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Why Cameron’s ‘Big Society’ didn’t work

Wendy Ward


David Cameron giving speech

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I’ve talked before about charities plugging the gaps created by a lack of government funding. When the Conservative Party creams off more and more taxpayers’ money from the top for their own benefit (don’t get me started!), it means there’s less to combat the issues of people in need when the remaining funds eventually trickle down.

Back in 2010, David Cameron decided to build on the plans of his predecessors. He launched ‘The Big Society’. According to a spokesperson, his wish wasn’t to shrink the economy so that charities and communities were forced to step in and help (despite this being the outcome)…he apparently wanted to put more autonomy into the hands of regular people, empowering them to take action on matters that impacted their locality, their friends and their neighbours.

Whether his intention was good or not, these types of initiatives commonly fail, due mainly to flaws in human nature and a lack of investment. Empowering communities is a wonderful premise, and new ideas typically achieve a great deal of buy-in, but once the novelty of the movement ends, and when people’s egos and personal agendas get in the way of their altruism, progress stops. Before long, everything’s back to where it was in the beginning.

In my area, for example, local MPs come running when there’s a positive story that they can take the credit for, or a publicity photocall taking place; on the flipside, they’re just as keen to send their apologies when public meetings are scheduled. I’m sure this is indicative behaviour of many other local and government MPs across the UK. Unfortunately, as is human nature, personal egos and developing greed spoil many a good intention.

People can and will come together in their communities, if the reason or cause is of interest. Think: street parties for the Queen’s Platinum Jubilee, ensuring elderly and vulnerable neighbours had food and provisions during the pandemic, the various recovery efforts and pledges that followed the 2004 tsunami in Southeast Asia.

I’ve worked with charity boards and on charitable projects in the community, and I’ve seen good ideas fail to get off the ground because those involved can’t or won’t work together. Even those projects that get further than their launch, at some point, often fail to be about the beneficiaries, the community, or the end user. The people involved inevitably make the project more about them as it unfolds—their interests, their opinions and their ideas. Sometimes, they’re not even aware of this shift, but regardless, they tend to lose sight of why they got involved in the project in the first place and what should happen. It’s a common human flaw.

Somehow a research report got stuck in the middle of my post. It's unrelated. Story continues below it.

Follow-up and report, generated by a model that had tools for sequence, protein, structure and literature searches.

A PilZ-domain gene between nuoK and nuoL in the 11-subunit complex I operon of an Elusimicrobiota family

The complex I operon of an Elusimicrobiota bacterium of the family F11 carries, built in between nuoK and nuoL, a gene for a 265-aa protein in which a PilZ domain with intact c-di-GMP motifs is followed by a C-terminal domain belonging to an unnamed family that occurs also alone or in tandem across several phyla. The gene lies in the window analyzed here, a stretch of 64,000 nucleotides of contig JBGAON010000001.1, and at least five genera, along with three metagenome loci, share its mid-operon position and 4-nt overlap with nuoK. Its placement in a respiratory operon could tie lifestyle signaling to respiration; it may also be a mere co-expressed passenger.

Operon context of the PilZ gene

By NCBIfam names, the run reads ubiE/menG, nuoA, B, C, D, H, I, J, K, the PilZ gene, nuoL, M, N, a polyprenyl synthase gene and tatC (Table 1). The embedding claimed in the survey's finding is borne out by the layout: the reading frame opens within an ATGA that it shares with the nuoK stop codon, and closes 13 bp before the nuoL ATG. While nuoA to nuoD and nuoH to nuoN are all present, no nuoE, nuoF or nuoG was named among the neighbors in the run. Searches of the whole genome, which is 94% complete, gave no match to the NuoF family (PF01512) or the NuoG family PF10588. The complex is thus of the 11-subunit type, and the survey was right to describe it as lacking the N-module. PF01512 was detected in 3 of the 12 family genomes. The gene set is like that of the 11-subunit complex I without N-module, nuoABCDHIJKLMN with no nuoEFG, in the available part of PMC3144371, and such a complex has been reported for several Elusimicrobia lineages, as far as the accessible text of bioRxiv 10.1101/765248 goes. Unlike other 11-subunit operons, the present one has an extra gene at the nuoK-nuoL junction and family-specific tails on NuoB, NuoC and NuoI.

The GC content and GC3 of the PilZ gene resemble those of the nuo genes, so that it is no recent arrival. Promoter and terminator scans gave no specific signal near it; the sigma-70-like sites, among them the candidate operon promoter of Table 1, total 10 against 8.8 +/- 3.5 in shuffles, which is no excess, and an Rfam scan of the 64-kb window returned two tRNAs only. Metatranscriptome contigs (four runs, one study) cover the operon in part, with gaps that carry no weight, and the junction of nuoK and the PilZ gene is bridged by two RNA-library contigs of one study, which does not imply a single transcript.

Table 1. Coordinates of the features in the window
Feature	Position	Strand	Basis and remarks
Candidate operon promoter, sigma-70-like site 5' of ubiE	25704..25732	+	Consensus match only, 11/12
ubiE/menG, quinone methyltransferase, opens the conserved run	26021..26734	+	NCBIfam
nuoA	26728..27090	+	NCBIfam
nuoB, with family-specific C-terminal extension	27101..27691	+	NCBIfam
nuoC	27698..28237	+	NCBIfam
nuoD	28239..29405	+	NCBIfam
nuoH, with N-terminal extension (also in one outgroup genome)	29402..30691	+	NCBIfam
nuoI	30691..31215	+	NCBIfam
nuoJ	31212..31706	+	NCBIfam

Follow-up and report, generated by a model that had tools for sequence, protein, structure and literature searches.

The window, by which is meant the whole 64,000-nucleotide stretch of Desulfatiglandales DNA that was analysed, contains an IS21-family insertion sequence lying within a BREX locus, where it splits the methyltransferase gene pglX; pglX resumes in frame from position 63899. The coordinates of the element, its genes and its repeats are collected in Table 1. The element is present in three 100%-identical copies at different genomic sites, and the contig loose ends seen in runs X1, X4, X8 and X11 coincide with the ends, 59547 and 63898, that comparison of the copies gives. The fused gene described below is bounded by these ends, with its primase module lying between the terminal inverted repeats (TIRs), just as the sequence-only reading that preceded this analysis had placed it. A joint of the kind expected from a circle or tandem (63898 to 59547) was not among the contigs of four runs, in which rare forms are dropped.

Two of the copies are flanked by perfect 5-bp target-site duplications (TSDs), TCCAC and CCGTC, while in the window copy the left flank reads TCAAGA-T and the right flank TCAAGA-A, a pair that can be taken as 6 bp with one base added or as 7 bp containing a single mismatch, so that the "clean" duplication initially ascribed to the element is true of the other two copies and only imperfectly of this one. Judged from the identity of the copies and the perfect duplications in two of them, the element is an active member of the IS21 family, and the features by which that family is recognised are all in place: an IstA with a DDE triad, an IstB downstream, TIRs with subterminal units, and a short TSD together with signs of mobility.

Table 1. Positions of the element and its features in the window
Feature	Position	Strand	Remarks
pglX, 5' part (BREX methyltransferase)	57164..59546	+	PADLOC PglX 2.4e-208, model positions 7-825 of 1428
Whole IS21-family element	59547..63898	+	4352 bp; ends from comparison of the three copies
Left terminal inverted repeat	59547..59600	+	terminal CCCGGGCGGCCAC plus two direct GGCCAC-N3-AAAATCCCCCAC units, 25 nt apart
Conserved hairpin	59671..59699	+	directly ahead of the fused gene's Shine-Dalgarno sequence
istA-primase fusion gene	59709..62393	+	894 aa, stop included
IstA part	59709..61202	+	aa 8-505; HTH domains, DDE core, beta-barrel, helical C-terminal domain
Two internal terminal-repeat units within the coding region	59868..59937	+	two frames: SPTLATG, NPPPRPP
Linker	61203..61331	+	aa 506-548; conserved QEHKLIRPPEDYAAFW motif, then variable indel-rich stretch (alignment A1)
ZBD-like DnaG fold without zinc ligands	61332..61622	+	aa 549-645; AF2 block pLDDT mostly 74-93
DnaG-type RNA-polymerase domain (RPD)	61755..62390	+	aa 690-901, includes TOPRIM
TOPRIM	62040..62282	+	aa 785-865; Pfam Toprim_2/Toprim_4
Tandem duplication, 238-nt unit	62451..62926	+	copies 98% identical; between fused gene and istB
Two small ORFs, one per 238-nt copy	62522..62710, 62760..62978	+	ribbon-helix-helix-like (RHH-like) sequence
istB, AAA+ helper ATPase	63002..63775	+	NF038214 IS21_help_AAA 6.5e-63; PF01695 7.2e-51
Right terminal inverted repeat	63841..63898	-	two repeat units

The people who continually get involved in their communities, who do operate with altruism, strive to be part of new local initiatives and projects, but they’re commonly drowned out when the egos of others are stroked or stoked. They become disillusioned and disheartened and bow out gracefully, because they have enough on their plate doing good and making the small-scale changes that they can control.

The other major issue with The Big Society was its lack of investment. I’m sure, at some point, had Cameron’s vision become a reality, The Big Society may have freed up public funds for other purposes. However, you have to speculate to accumulate, and the lack of investment to get The Big Society up and running in the first place was a huge problem. Once a project has proven successful and can show impact, it holds the necessary tools to attract investment from other sectors, rather than from the public purse…but it has to get to that point of success first.

I fully believe that communities are the key to growth in the UK. We’re too reliant on those that govern us, and they’re increasingly proving to be less than useless. Unfortunately, it’s not a given that the political opposition would be able to radically overhaul this country and solve the problems we collectively and individually face.

The answer is empowerment, just like David Cameron suggested. But that needs to be two-fold: individual responsibility and shared, communal power. Individually, we need to take control of our own destiny a little more, i.e. look at heating and lighting solutions that reduce our reliance on the grid. We should go back to bartering for the things we need with our local producers or use a form of community currency, rather than being reliant on a monetary system that is heading towards digitalisation (without being accused of being a tin foil hat wearer, just look logically at the downsides of a cashless society). We can’t rely on the state to take care of the poor, the sick, the vulnerable and elderly in our communities, as they axe service after service; we should shoulder some of the hard work ourselves in the hope we will benefit from the same benefits when we get to that stage. It needs commitment from all involved and a long-term, altruistic focus. It’s doable, it really is, but it will still incur human-nature hurdles and these will need to be overcome.

Communities hold more power, skills, resources and commitment than those arguing like toddlers in the Commons every week. We just need to realise this and all pull together.

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